I’ll post weekly updates on the meal plans and costs and how things are going — in part to just keep myself accountable.

Have you done Whole30? What was it like?

Checking Out Corktown, Detroit

While my journeys in Corktown — the oldest neighborhood in Detroit — occurred over the course of two separate days, they really belong in a single post, since Corktown was so distinct compared to downtown Detroit. Corktown is where I started to see real signs of decay with many buildings and businesses nearby boarded up and dilapidated. But several great restaurants and a new brewery commingle, revealing signs of vibrant life.

Wednesday night, after day one of the conference I was attending for work, my new friend drove us out to Michigan Central Station, was built from 1912-1913 for the Michigan Central Railroad and was closed down in the ’80s. It’s been run down ever since and is currently surrounded by a chain-link fence with razor wire at the top to prevent anyone from going in. Through the open doorways, you can see signs of crumbling and decay, but it’s still such a beautiful building. There’s local debate as to whether it should be torn down or restored. I vote restored, though I know it’s never quite that simple.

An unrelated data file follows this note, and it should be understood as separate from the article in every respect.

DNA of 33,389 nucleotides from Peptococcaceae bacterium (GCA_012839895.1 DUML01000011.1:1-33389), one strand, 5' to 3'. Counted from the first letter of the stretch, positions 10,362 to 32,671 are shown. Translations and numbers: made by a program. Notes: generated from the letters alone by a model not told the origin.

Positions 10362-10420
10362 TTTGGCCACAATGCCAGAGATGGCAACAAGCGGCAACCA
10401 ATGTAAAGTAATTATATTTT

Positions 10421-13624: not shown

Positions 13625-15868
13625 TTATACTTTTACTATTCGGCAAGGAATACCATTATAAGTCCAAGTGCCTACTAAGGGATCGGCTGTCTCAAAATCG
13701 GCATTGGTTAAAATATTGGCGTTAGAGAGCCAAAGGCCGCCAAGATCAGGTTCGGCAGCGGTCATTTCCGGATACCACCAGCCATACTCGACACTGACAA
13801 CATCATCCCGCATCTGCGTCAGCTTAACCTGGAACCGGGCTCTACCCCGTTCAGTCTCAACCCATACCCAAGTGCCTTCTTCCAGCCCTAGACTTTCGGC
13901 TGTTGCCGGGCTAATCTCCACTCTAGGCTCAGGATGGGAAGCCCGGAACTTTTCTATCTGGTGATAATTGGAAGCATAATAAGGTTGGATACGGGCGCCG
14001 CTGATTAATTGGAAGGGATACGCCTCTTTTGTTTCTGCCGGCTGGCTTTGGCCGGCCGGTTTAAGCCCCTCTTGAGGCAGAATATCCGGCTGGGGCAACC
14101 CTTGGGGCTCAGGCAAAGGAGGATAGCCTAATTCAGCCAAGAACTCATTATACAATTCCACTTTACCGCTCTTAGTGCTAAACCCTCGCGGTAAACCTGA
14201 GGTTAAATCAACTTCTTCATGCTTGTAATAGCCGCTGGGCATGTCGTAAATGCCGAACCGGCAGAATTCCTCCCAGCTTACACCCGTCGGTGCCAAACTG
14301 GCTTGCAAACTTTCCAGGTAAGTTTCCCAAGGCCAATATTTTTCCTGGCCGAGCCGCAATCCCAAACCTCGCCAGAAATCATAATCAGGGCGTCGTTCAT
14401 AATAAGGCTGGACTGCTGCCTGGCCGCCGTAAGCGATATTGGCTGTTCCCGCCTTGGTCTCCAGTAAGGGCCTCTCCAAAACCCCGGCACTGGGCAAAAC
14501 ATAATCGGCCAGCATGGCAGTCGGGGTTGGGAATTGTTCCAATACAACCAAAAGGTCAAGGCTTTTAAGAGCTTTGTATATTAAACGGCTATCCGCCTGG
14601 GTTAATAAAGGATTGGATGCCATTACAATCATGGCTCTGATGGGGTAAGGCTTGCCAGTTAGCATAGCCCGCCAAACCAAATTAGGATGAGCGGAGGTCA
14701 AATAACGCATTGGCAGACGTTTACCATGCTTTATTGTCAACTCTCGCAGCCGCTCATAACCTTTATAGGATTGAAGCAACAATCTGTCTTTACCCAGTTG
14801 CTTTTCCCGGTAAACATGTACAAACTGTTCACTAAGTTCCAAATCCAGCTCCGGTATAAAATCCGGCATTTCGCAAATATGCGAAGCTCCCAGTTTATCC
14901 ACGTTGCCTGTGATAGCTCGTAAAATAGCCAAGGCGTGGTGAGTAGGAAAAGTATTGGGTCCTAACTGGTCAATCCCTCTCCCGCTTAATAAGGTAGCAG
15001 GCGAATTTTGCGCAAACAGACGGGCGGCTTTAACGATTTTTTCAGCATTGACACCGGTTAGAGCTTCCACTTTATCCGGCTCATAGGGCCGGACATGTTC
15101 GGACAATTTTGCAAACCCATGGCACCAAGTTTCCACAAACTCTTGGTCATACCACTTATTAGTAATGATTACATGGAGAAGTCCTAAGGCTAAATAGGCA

Detroit - Michigan Central Station
Michigan Central Station

Dinner that night was Slow’s Bar-B-Q, where we were served up some amazing, perfectly moist brisket and creamy, dreamy mac n cheese — so, so good. My second side was the green beens, which were perfectly cooked, but had a spicy sauce that I wasn’t digging. Just a bit to spicy for me, especially since I really like the taste of plain, lightly salted green beans.

Detroit
Great brisket at Slow’s.

* * *

On my second trip to Corktown (on Friday , my friend Lorie was driving through and she pointed out what looking like a bar inside a warehouse. “I drove past here last night and it was jumping,” she said. “Do you want to check it out?”

I said, “Absolutely.”

As we were walking in through the back, we were greeted by a young woman named Courtney. She said the place was a distillery, called Two James, and she was one of the partners.